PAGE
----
The most preferred first physical quantity is pressure, switching being initiated when the predetermined pressure is reached in any of the adsorbent beds and/or connecting tubes. Preferably the switching initiating pressure is measured in the repressurized adsorbent bed. In this case the second physical quantity can be chosen as time; the actual value thereof being the time interval until a particular switch-initiating pressure is reached. The nominal value is predetermined in accordance with the valve characteristics.
According to another embodiment of the present invention during a predetermined time interval a predetermined pressure in the adsorbent beds and/or connecting tubes is realized by valve operation control. The second physical quantity can then be chosen by the valve setting. The actual valve setting is then compared to the nominal valve setting predetermined with respect to the valve characteristics.
If a valve is detected in this way as actually being defective a transition takes place from the first valve operation pattern originally prescribed to the second valve operation pattern, this second operation pattern excluding that adsorbent bed to which the defective valve belongs. The defective valve can now be replaced without switching off the installation it being appropriate for the valves contained in the installation to be guarded at least on one side with shutters so that the installation is not aerated during the repairing of the valve.
We now refer to the examples of valve operation patterns of FIGS. 2 and 3. We assume that a valve belonging to the ninth adsorbent bed has been identified as being defective. It can be seen that upon stopping the ninth adsorbent unit after the 18th step of the first operation pattern an immediate transition can take place from the first pattern to the second operation pattern, since the adsorbent units 1 to 8 are in the correct operation phase at this moment. The ninth adsorbent bed is in the adsorption phase at the time of the transition from the first to the second operation pattern, i.e. it has a high pressure. Depending on what repairs have to be conducted, or which valve has to be replaced, the pressure can if necessary be reduced by opening the residual gas valve 94.
The capacity of an adsorbent bed is determined by the feed rate of crude gas, i.e. by the quantity of impurities contained in the crude gas, as well as by the adsorption period during one process cycle. Following the transition to the prescribed second operation pattern according to FIG. 3 the number of steps during which one unit is available for adsorption is now only 4 out of 16 steps. Accordingly the rate of the crude gas introduction for maintaining the performance of the whole system is increased. Owing to this there are changes in pressure in the various process and pressure equalization phases. The adjustment which is therefore necessary in the transition from one operation pattern to another is appropriately conducted during a synchronisation phase.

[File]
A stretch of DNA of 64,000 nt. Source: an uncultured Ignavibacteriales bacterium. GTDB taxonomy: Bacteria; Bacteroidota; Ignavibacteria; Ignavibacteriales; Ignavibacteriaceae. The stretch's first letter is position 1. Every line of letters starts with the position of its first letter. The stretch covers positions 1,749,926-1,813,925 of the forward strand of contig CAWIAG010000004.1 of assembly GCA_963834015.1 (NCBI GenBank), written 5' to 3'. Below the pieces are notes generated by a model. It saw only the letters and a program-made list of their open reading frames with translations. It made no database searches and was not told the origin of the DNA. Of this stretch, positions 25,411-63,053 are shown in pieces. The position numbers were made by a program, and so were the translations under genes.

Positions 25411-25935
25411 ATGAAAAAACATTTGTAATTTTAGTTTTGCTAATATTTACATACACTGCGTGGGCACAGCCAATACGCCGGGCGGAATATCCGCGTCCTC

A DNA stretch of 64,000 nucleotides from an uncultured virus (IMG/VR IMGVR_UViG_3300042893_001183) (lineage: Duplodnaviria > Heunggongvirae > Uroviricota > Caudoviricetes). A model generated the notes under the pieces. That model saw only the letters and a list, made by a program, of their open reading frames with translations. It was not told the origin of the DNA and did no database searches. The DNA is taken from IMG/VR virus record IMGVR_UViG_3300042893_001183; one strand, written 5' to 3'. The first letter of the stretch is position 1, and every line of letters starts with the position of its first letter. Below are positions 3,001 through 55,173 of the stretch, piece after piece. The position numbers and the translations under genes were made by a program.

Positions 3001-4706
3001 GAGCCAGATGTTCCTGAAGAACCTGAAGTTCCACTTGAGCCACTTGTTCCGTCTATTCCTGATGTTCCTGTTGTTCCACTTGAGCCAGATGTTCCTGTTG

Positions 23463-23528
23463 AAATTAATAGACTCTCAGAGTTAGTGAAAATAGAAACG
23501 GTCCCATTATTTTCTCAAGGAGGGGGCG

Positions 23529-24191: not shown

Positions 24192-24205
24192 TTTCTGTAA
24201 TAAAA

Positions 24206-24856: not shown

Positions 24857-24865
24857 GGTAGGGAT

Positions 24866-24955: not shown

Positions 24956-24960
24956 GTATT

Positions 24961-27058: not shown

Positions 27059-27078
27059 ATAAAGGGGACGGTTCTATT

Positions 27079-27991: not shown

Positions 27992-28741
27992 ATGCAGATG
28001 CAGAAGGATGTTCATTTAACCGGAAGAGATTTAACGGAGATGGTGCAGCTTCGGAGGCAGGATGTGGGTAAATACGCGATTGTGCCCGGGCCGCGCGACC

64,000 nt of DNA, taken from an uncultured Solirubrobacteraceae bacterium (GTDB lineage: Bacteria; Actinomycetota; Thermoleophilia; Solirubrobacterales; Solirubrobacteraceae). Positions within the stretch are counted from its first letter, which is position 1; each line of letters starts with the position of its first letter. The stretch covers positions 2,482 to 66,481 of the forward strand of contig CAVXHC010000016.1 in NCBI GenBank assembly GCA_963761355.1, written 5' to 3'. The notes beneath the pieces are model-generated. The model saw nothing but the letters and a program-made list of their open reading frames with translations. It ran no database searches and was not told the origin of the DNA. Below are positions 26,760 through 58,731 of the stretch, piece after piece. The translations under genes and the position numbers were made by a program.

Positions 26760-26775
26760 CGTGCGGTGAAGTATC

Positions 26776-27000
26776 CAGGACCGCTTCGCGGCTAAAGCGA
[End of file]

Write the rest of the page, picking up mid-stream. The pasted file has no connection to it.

If such a defect does occur which does not allow the installation to be continued to be operated up to an operation step at which an immediate transition to the second operation pattern is possible the transition can be brought about by intermediate synchronisation steps. The synchronisation steps differ from the prescribed steps according to the operation patterns which are used for an uninterrupted process cycle by the fact that certain steps are repeated or certain pressure equalization processes are conducted by repressurization from the pure gas system or by depressurization into the residual gas system. The transitional steps have to be defined for each possible operation step according to the prescribed operation patterns. If the operation patterns have been well adapted the duration of the synchronisation phase is in general not more than 2 to 3 operation steps.
By application of the process of this invention a continuous operation of pressure swing adsorption installations is possible. This is particularly advantageous if a pressure swing adsorption process is operated in a product line and the crude gas generation process cannot be stopped if due to a valve defect the pressure swing process must be stopped according to the prior art. The crude gas in such a case must be released to the atmosphere. Production upstream of the pressure swing adsorption has to be stopped too. Costs of such stoppages can hardly be calculated, as in no way can they be related to the pure gas costs.
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|U.S. Classification||95/19, 95/26, 95/98|
|International Classification||B01D53/04, C01B3/56, B01D53/047|
|Cooperative Classification||C01B2203/0475, B01D2259/40052, B01D2259/40007, B01D2259/40041, C01B2203/0465, B01D2259/40081, B01D2259/40075, B01D53/047, B01D2259/4003, B01D2257/102, B01D2259/4065, B01D2257/504, Y02P20/152, B01D2256/16, C01B2203/043, Y02C10/08, C01B3/56|
|European Classification||C01B3/56, B01D53/047|
|19 Feb 1981||AS||Assignment|
Owner name: LINDE AKTIENGESELLSCHAFT, ABRAHAM-LINCOLN-STRASSE,
Free format text: ASSIGNMENT OF A PART OF ASSIGNORS INTEREST;ASSIGNOR:BAYER ANTWERPEN N.V.,;REEL/FRAME:003828/0583
Effective date: 19810107